When debtors file for bankruptcy protection, most lawsuits and collection actions filed against the debtor must be put on hold. However, the filing of a bankruptcy can give creditors and other parties the right to file lawsuits inside the bankruptcy against the debtor – and give debtors the right to file suit against other parties. These lawsuits within bankruptcy are called adversary proceedings.
Adversary proceedings have their own set of rules in the Federal Rules of Bankruptcy Procedure and can have a really big impact on someone’s case. So it’s important to have competent counsel if you plan on filing an adversary proceeding or defending yourself from one. This is true whether you are a debtor, a creditor, or some other party.
Some examples of adversary proceedings:
* Joe and Jill Smith file a Chapter 13 bankruptcy. They own a home they value at $150,000. They owe Bank of Chase Mortgage $165,000 on their first mortgage, and Citi USA $25,000 on their second mortgage. They can file an adversary to get a bankruptcy court ruling that the second mortgage is wholly unsecured, and therefore can be “stripped” within the bankruptcy if they obtain a discharge and complete their Chapter 13 plan.
* Debra Debtor files a Chapter 13 bankruptcy and asks the Bankruptcy Court, through an adversary proceeding, to rule that certain payments listed in her divorce decree from her ex-husband, Eric,are not in the nature of a domestic support obligation. If she is successful, she can discharge her liability from these debts, notwithstanding what the divorce agreement says.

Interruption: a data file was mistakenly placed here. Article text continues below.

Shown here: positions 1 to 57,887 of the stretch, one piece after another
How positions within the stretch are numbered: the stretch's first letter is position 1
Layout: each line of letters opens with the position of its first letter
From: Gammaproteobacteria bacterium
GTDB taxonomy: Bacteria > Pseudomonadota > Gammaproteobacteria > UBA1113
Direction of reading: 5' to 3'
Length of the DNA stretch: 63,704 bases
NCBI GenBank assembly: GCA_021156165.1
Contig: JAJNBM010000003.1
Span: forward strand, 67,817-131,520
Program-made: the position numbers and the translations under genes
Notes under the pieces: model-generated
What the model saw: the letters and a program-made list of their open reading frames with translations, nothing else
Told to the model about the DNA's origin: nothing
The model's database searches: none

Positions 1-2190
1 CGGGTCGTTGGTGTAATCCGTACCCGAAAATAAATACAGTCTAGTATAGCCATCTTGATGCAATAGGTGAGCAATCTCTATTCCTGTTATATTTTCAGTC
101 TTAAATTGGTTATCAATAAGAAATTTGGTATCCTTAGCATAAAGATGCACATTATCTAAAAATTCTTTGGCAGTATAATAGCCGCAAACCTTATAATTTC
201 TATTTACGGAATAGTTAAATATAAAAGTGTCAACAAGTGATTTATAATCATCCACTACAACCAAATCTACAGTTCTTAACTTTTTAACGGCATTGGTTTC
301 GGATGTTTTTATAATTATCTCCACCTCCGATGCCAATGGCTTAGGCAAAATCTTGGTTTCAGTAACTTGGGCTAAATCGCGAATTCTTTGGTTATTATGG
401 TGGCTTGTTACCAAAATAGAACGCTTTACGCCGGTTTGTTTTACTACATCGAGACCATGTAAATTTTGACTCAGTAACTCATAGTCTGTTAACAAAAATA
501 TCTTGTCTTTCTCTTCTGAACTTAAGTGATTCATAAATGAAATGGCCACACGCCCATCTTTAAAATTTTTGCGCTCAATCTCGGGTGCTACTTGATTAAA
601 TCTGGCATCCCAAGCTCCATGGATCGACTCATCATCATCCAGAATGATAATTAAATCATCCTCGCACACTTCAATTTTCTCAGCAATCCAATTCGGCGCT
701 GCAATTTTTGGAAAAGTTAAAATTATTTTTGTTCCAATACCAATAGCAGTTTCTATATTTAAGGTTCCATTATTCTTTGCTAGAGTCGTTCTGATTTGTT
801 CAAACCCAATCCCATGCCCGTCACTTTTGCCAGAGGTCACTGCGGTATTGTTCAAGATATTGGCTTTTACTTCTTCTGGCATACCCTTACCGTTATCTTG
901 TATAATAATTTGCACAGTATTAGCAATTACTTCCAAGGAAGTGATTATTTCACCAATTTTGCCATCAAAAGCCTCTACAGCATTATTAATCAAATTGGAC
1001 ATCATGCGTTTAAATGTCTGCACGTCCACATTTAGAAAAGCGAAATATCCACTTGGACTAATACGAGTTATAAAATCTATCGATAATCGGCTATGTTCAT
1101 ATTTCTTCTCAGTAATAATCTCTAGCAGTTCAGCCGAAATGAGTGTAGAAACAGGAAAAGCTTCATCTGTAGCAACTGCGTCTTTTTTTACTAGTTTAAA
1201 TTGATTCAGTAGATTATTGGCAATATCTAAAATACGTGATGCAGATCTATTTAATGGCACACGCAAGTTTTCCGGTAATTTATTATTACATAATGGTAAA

* Eric Jones files a Chapter 7 Bankruptcy but fails to disclose his interest in an LLC, some jewelry, a boat, and a bank account. The Chapter 7 trustee and United States Trustee discuss the case and agree that one or both parties will file an adversary proceeding to deny Eric a discharge of debts due to his failures to disclose.
In each case, the debtors (and other parties) would benefit from having counsel who understand the substantive law and the rules and formalities that govern adversary actions. Filing a bankruptcy and having a discharge denied is a very bad outcome. Losing one’s ability to enforce a divorce decree is a bad outcome.
At WM Law, we file adversary proceedings on behalf of our bankruptcy clients. We also represent creditors and third parties (like people who have purchased or received property as gifts from debtors) in adversary actions. Before trying to argue sophisticated federal law and procedure yourself, please contact us to discuss the merits of your case and the costs and benefits of pursuing (or not pursuing) an adversary proceeding.
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